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Poland launches sweeping reforms. Plan is bolder than changes seen so far in the Soviet Union

Poland is at a crossroads. Gen. Wojciech Jaruzelski outlined dramatic plans yesterday for economic and political reforms of the Polish Communist Party's Central Committee, reforms the official government spokesman described as ``an earthquake.''

The stakes indeed are large for all of Eastern Europe - and for Soviet leader Mikhail Gorbachev.

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While other Soviet allies such as East Germany and Czechoslovakia resist Mr. Gorbachev's appeals for change, Poland's officials stressed in recent interviews in Warsaw that they are moving ahead precisely because of the new climate created by the Soviet leader.

``The fact that the Soviet Union has started this process is crucial,'' Zdislaw Sadowski, vice-prime minister for economic affairs, told the Monitor. ``It makes it much easier for us to go ahead with reform.''

But the Polish plans also are also dangerous for Gorbachev. Poland is his largest, most strategically situated, and most volatile ally. It faces economic woes from its $35 billion debt and political problems stemming from the 1981 destruction of the independent trade union Solidarity.

To break out of this situation, General Jaruzelski proposes reforms that go far beyond anything the Soviet leader envisions for his own country. In his interview, Mr. Sadowski talked of establishing a competitive banking system and diminishing central planning, policies that resemble those carried out in communist Hungary and China.

But Jaruzelski is adding new ideas more daring and difficult than attempted elsewhere. They include proposals to dismantle entire ministries, open a stock market, and expand private enterprise. And for the first time since he came to power eight years ago, Jaruzelski says he is ready to cut the Poles' standard of living. He says this is necessary to end rationing and fill store shelves. Wages will be frozen. Prices will be raised by up to 50 percent. Such plans require political support. In the past, government attempts to raise prices have set off worker revolts, including the 1980 shipyard strikes in Gdansk which resulted in Solidarity's creation.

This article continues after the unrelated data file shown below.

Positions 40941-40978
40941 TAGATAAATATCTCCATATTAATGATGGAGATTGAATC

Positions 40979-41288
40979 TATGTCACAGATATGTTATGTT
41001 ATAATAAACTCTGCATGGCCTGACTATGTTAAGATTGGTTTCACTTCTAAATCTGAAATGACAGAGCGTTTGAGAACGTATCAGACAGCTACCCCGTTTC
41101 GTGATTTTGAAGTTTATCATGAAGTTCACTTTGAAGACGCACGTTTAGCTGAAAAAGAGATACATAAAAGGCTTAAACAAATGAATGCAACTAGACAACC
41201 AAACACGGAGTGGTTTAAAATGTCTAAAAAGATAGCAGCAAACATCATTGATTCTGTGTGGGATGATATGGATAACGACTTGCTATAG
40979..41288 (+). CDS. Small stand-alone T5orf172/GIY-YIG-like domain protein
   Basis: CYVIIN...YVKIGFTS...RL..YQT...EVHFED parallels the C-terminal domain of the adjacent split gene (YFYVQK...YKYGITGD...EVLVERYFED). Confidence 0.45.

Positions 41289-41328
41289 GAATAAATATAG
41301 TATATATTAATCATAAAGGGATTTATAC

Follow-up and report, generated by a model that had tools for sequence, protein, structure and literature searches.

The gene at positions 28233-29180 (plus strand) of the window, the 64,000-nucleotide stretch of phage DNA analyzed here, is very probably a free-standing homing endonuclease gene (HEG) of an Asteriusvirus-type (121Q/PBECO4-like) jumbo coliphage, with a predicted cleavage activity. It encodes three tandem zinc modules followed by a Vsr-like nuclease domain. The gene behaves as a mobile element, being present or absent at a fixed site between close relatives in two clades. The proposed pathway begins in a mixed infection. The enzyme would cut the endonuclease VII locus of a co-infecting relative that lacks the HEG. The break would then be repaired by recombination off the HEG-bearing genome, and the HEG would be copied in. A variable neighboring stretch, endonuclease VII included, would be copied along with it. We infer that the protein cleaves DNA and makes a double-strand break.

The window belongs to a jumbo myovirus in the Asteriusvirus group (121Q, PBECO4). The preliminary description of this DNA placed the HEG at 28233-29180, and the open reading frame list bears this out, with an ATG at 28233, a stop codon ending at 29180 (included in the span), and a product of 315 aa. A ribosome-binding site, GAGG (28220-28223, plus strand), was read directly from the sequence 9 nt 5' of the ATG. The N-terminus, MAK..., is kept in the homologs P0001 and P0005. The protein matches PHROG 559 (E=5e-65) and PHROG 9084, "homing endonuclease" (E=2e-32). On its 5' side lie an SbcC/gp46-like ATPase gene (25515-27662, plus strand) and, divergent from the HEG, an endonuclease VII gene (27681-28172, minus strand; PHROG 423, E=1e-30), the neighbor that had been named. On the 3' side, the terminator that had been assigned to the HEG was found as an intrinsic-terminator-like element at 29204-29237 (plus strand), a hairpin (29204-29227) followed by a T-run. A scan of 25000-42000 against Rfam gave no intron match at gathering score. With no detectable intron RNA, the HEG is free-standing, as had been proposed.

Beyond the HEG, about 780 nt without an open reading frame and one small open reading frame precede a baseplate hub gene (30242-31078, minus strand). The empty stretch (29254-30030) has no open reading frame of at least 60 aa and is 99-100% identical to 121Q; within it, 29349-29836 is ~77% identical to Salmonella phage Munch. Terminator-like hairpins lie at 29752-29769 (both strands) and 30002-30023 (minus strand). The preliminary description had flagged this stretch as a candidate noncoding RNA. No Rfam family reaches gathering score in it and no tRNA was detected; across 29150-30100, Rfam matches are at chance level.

To head off popular unrest, Jaruzelski talks of holding a referendum on the plans. Such a referendum would be a first for communist Poland. On a more permanent basis, the general suggests creating ``political clubs'' where ``everyone could freely express his opinion'' and to open municipal elections to candidates from the opposition.

Will these changes be sufficient? Jaruzelski continues to rule out restoring Solidarity's legal status or reinstating any union pluralism. For that reason, Western diplomats and Solidarity leaders have reacted with great caution. They acknowledge the government's reform proposals are ambitious, but remain skeptical they can be carried out, because of stiff resistance from the bureaucracy and continuing distrust from the population.

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``The power knows it has to do something to prevent an explosion,'' Bronislaw Geremek, a top Solidarity adviser, told the Monitor. ``But the real political changes which are necessary involve doing unexpected things, dangerous things.''

The document presented Thursday to the Central Committee acknowledges that ``many people are critical and skeptical toward the socialist system'' and pledges the party ``to open a discussion with the opposition.''

But Jaruzelski continues to attack the opposition. The same government spokesman who described his reforms as ``an earthquake'' accused the opposition this week of smuggling arms into the country. Opposition leaders such as Mr. Geremek qualified the accusation as ``absurd.''

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